Oxalis Triangularis: Purple Shamrock Care Guide!

By Andrea Beck | Updated: January 21, 2023

Scientific name

Oxalis triangularis

Common name

Purple Shamrock



Checked by Jennifer Schutter, Certified Master Gardener

Purple Shamrock


1-2 inches of dry soil


Bright location


Loamy potting soil






Diluted liquid during growing season


Bright location




Diluted liquid during growing season

Oxalis triangularis (Purple Shamrock) is a fast-growing rhizomatous wood sorrel that looks like a butterfly during the day but closes up shop at night.

We’ll cover how to propagate your Purple shamrock using its pinecone-shaped corms, the most common care issues which come up, and some tips for getting it to show you its gorgeous bloom.

We’ll also briefly cover the varieties (there are quite a few) and the unique fungal issues this plant can have. Let’s dive in.

Oxalis Triangularis Care Guide

History, habitat, and characteristics

Oxalis triangularis (also called False Shamrock and Purple Shamrock) is an indoor plant native to South America. Although it calls Brazil home, it has spread to other parts of the world, from India to the US. Augustin Saint-Hilaire first scientifically described this plant in the early 1820’s. He named it for its trifoliate leaves that look remarkably like butterflies.

Particularly coveted during St. Patrick’s Day, when bright green varieties are in high demand, it comes in a variety of other beautiful hues, including purple and pink.

A fast-growing rhizomatous wood sorrel typically reaching between 2-6 inches tall in its pot, its leaves will close up at night or when it’s dark and stormy (just like me), then reopen during the day. You might also notice leaves closing up after touch, so don’t be surprised if they get a bit droopy if excessively handled.

This magical nyctinasty behavior is just one of the wonderful traits that make Oxalis triangularis plants so special. Small white or pink flowers on each leaf add yet another layer of cheer.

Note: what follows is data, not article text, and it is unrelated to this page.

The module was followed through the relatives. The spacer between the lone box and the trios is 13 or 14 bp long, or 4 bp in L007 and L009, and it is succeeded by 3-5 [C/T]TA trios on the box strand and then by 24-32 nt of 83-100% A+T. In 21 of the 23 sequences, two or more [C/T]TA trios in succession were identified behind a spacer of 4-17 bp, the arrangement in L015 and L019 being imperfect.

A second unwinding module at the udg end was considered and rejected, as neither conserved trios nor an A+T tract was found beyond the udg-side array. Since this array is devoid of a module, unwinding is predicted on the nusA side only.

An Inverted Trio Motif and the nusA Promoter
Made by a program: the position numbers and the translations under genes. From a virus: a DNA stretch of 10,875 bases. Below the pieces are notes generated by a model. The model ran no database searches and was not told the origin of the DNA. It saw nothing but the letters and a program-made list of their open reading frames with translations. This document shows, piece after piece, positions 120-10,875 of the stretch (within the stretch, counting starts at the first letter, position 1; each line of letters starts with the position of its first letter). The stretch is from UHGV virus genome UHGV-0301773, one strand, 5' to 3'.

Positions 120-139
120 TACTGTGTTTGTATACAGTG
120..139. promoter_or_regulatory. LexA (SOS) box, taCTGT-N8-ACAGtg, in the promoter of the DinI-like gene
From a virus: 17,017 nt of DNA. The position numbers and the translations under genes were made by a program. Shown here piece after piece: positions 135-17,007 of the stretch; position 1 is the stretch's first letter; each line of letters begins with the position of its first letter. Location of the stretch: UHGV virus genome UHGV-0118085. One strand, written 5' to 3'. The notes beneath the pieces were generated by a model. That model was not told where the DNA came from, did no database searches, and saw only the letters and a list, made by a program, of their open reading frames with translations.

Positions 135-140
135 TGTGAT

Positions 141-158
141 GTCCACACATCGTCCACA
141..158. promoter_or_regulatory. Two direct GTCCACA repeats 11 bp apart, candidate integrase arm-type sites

Oxalis triangularis can be used to make a delicious, tart-tasting lemonade — the leaves and flowers contain oxalic acid. The taste is similar to the tartness found in the skin of a grape.

(This same oxalic acid is what gives it a unique resistance to fungi in the soil).

We’ll cover how to propagate Purple shamrock right after our care guide, but first, a note on varieties.

Oxalis triangularis varieties

Things get tricky when we start to consider the Oxalis triangularis varieties and heirloom plants available. Many plants sold as this species are actually entirely different plants (with different care requirements).

There’s a large incentive for nurseries to label plants according to what’s currently popular, so you might get a surprise when shopping or see varieties that you’ve never heard of befor,e or that you can only find at a single nursery.

Often, these are imported bulbs that may only be propagated for a limited time. So if you like one, grab it and make some clones for your friends once it’s thriving!

Popular varieties include:

  • Oxalis triangularis ‘Amber’ – This purple shamrock isn’t purple at all! Solid green leaves with bright pink flowers.
  • Oxalis triangularis ‘Burgundy Wine’ – Deep purple shamrock that looks stained with wine, complemented with white-to-purple flowers.
  • Oxalis triangularis ‘Irish Mist’ – Variegated green leaves with splashes of cream.